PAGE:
servers in cluster can support a client session equally well with no
   discernible difference in functionality.  Once a server is assigned
   to service a session, that session is bound to that server till
   termination.  Sessions are not allowed to swap between servers in the
   midst of session.

   Start of session for TCP, UDP and others The first packet of every
   TCP session tries to establish a session and contains connection
   startup information.  The first packet of a TCP session may be
   recognized by the presence of SYN bit and absence of ACK bit in the
   TCP flags.  All TCP packets, with the exception of the first packet
   must have the ACK bit set.  However, there is no deterministic way of
   recognizing the start of a UDP session or any other non-TCP session.

   End of session for TCP, UDP and others The end of a TCP session is
   detected when FIN is acknowledged by both halves of the session or
   when either half receives RST bit in TCP flags field.  Within a short
   period (say, a couple of seconds) after one of the session partners
   sets RST bit, the session can be safely assumed to have been
   terminated.

   For all other types of session, there is no deterministic way of
   determining the end of session unless you know the application
   protocol.  Many heuristic approaches are used to terminate sessions.
   Another way to handle session terminations is to timestamp sessions
   and keep them as long as possible and retire the longest idle session
   when it becomes necessary.



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   Pseudo-anycast An anycast address assigned to many nodes.  However,
   only one server (say node A) takes part in the routing system, the
   others are "dumb" in routing system.  That is a simple packet
   destined to the pseudo-anycast will reach the node A, rather than the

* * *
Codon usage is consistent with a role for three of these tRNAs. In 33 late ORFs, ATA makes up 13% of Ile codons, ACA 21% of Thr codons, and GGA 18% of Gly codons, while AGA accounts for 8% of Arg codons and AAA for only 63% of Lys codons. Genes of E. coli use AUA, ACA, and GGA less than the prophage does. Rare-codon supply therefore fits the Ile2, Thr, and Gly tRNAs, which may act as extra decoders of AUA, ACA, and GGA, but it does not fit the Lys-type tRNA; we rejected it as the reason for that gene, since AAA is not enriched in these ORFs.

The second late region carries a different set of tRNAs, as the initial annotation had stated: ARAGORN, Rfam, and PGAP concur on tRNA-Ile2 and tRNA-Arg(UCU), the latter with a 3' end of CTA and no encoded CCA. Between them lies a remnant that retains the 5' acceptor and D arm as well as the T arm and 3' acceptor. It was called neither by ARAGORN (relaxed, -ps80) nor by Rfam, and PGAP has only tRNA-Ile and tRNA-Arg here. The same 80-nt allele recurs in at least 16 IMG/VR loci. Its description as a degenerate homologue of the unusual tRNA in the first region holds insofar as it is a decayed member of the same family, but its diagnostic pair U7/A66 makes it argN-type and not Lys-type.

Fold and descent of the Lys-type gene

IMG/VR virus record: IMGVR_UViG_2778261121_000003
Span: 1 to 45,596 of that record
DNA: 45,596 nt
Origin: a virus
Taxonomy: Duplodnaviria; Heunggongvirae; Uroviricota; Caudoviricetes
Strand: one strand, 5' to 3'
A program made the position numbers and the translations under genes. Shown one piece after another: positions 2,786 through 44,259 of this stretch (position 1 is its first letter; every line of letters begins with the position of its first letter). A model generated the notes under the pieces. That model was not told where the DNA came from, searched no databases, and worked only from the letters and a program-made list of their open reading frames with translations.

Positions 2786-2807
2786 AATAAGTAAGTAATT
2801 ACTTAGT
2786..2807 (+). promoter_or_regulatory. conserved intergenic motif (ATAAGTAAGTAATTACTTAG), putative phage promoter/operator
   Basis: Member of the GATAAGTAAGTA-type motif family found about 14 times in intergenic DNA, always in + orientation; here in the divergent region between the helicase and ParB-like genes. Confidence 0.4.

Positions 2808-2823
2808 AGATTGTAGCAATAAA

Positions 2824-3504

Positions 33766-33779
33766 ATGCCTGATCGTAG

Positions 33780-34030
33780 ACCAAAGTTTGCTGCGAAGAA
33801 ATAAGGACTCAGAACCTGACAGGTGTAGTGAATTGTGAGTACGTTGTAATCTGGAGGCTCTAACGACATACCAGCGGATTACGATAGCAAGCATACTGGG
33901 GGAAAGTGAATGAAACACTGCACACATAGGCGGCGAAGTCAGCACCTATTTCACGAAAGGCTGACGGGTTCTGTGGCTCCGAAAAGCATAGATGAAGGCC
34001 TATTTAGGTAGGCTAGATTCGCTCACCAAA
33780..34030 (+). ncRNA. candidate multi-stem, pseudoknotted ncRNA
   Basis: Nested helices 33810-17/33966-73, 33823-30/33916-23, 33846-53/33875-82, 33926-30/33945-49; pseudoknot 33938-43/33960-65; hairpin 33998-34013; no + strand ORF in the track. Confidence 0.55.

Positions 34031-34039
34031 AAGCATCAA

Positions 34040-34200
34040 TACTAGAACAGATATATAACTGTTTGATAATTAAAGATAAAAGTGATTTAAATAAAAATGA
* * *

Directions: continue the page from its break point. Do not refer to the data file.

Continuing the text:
others.  To reach one (say node B) of the other nodes which have
   their own global uncast addresses, as well as the "dumb" pseudo-
   anycast address, an IPv6 Routing header [RFC4861] must be used in the
   packet (its pseudo-anycast address is the packet's destination, while
   its global unicast address is the intermediate).

   In fact, a pseudo-anycast address is corresponding to a kind of
   service.

   Load Balance Address A pseudo-anycast address assigned to both of
   LBAM and the servers in the pool.  We will call it LBA address as
   following.  From the perspective of LBAM Agent, LBA address is its
   global unicast address, while from the perspective of all the servers
   in the pool, the LBA address just is a "dumb" address that functions
   as home address, and they have their own global exclusive unicast
   address that functions as care-of address.

   Server's unicast address In LBAM, this global unicast address is the
   care-of address for difference server, that is, all the servers in
   the pool have their own global unicast address (care-of address, CoA)
   besides the same anycast one (pseudo-anycast address) assigned to
   them.  This address is functionally similar to care-of address in
   Mobile IPv6.

   Server pool A set of servers that are functionally similar or the
   same.  They have at least two kinds of address: the global exclusive
   unicast address and the LBA address.

   Pseudo-mobility To implement LBAM, the LBAM Agent will tunnel a
   packets destined to the LBA address to the care-of address of one
   selected server, as if the very server changed its point, even
   through the very server is stationary in the same link (In the
   extreme case, all the servers stationary at the same link
   permanently).  We call the false mobility as Pseudo-Mobility.  When a
   server deployed, an entry for the LBAM Agent SHOULD be added in its
   Binding Update List, and then, Bind Update message SHOULD be sent out
   according to the Binding Update List.  Or if the server is really
   away from it former point, the server will send out the Bind Update